By now, we’re all familiar with losing someone we love. Someone we had classes with, walked next to in the halls, went to school dances with, hugged for the last time, heard laugh for the last time. It wrecks your heart, doesn’t it? Knowing you’ll never listen to them talk again, hear what’s on their mind, have a laugh with. It stabs you in a tender place you almost didn’t know you have.
Humans who kill themselves at such a young age will never feel the relief of putting their high school years behind them. That, in it of itself is one of the best feelings in the world – the release of a 7 class day, ridiculous tests, petty drama, forced conversation. They’ll never get accepted into college, pursue a career they’re excited about, fall in deep deep love with an incredible person, watch their love walk down the aisle/ be waiting at the end of the aisle for them. They’ll never go through a mid-20’s life crisis, buy their dream car, have their own children, watch their kids develop into unbelievably complex, hilarious, sweet humans. Humans who kill themselves don’t see that, though. They see exactly what’s in front of them.
High school sucks. There’s no denying that. But there is more, guys. High school is just four complicated years of growing and blooming into more mature, thoughtful, yet still confused older people.
If you come from a wrecked home where you don’t feel accepted, loved, or cared for – know that despite what’s happening at home, there are people who will love you. You are capable of being loved, you will be loved. You are loved. You’ve been loved since before you were born. Our Father, Who created you is love. You are His creation and His love isn’t human. It’s unexplainable, but it’s real. Reach out to Him. You don’t have to know what you’re doing, you don’t have to know what to say. Just talk out loud like you’re talking to a friend.
Losing a friend is unforgettably painful. The suddenness of it is striking. Be there for each other, ok? Let each other know you care about each other and that despite all the hopelessness, there is a future where you’re happy and feel loved.
I know a lot of you have been reaching out to the students. Believe me, it does wonders. But there’s going to be some kids who seem fine but aren’t going to talk about what they’re feeling. That’s who I was. I convinced myself I was fine ’till it was almost too late. I didn’t want to talk to anyone. I didn’t want anyone praying for me or talking to me or telling me one day it’s gonna be ok. I didn’t want to go to therapy and listen to someone try to help me.
One of the best things my parents did for me was not pry. They didn’t know the extent of my depression, but when they found the cuts on my wrist, they scheduled me therapy sessions and when I told them I didn’t want therapy, they didn’t schedule me any more sessions. What I wanted to know is that despite my flaws, they were gonna be there for me. They didn’t really have a sit down with me and try to figure out what was wrong. What they did was provide themselves for comfort when I needed them. I talked the people I felt would tell me what I wanted/ needed to hear.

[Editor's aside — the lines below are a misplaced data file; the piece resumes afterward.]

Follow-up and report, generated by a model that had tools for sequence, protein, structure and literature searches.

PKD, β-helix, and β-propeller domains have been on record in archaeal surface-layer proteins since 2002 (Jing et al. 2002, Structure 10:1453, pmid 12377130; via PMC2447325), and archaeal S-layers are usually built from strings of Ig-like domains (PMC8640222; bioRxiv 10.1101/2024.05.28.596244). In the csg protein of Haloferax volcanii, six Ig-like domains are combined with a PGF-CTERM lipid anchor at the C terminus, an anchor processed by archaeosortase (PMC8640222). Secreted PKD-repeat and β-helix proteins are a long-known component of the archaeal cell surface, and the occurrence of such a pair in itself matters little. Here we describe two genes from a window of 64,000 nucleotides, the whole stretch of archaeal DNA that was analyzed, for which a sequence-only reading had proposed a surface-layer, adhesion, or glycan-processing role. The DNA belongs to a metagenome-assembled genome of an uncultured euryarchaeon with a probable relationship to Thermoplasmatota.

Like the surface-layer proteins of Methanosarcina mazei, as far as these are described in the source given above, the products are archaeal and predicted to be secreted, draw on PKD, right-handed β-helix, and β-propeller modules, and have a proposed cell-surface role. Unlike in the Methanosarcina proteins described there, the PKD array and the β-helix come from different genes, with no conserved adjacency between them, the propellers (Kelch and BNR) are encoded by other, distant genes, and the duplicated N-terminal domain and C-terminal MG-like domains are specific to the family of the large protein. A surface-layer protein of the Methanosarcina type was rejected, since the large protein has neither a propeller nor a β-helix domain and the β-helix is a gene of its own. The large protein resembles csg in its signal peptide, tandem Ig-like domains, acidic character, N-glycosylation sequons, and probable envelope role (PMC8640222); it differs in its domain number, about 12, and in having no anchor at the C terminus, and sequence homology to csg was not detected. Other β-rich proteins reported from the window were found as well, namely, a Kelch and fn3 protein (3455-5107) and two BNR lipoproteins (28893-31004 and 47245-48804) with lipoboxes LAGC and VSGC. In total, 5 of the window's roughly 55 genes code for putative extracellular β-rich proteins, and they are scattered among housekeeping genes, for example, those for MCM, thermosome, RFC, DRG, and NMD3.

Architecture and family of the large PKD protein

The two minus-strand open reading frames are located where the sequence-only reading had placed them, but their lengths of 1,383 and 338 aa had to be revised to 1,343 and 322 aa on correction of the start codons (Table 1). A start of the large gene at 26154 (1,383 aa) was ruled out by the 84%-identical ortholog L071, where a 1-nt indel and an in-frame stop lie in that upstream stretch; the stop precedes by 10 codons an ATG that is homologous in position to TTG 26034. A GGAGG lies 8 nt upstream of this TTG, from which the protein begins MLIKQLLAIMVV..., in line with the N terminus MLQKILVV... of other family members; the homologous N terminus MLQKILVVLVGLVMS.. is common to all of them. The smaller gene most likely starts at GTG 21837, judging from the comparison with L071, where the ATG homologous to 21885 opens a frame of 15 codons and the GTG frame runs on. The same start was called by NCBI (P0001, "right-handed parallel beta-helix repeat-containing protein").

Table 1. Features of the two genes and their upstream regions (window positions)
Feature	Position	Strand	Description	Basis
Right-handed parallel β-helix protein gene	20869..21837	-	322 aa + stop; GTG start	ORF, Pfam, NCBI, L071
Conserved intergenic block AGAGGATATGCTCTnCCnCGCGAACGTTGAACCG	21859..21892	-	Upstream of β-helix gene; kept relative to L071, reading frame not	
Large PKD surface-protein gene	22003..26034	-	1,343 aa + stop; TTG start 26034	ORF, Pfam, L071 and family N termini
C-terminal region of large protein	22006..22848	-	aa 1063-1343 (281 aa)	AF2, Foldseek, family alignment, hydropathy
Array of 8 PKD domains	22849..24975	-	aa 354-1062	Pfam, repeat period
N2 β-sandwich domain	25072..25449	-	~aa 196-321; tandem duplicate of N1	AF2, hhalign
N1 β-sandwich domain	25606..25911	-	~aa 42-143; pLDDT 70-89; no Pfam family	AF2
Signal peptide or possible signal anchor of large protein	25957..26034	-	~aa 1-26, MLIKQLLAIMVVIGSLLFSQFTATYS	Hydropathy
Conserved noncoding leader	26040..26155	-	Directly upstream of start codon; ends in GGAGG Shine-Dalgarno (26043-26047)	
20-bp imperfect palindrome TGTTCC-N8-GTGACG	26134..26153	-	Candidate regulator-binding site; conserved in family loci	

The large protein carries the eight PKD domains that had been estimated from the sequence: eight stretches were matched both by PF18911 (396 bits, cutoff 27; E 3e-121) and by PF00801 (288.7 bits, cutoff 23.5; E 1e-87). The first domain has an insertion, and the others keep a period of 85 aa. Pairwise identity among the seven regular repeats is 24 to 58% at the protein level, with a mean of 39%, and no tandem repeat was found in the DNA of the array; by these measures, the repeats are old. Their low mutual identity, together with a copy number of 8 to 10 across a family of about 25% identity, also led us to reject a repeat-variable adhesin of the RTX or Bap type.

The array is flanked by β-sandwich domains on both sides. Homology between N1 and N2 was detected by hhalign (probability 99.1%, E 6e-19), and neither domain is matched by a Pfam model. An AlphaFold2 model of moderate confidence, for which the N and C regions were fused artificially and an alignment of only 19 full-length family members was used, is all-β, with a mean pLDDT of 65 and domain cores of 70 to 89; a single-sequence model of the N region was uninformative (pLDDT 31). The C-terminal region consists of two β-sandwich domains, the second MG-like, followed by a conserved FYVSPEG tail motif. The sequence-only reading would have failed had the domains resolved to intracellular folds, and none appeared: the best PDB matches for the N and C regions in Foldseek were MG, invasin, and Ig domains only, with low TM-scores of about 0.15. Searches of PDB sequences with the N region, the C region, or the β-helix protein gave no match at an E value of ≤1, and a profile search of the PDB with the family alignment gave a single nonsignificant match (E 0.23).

A lot of kids don’t have parents like mine. I know that if my parents had tried to do everything to figure out what was wrong, I would have felt invaded and forced to have a conversation I didn’t want to have. Depression is tricky because you’ve already emotionally separated yourself from everyone and anyone who tries to force their way in seems like a trespasser.
Let your kids know that you love them. But it has to be from a sincere heart – that you’re truly telling them you love them because that’s all you want them to know, not because you’re hoping they’ll open up to you. You might not be the person they open up with and I know that’s hard – that all you want to do is be the one they go to. Sometimes parents are too close to home. Sometimes we need to talk to someone who’s a little separated from us.
So coming from a young person who’s been through this, in every situation, provide a tender heart, a hopeful answer, a comforting hand. If your child fails a test and doesn’t seem to care, ensure them they’re still worthy of your love and while there’s tremendous value in doing academically well, it’s not anything that makes up a single drop of their worth. If they lash out and say unkind words, soften your heart, take a breath, and yes, absolutely let them know they have no right to speak to you like that, but understand that high school is hard. It’s mentally, emotionally, spiritually stressful. As students, they are going through far more than they talk about. And that’s when they have to know despite all their messed up thinking, there is a person who’s going to love them unconditionally.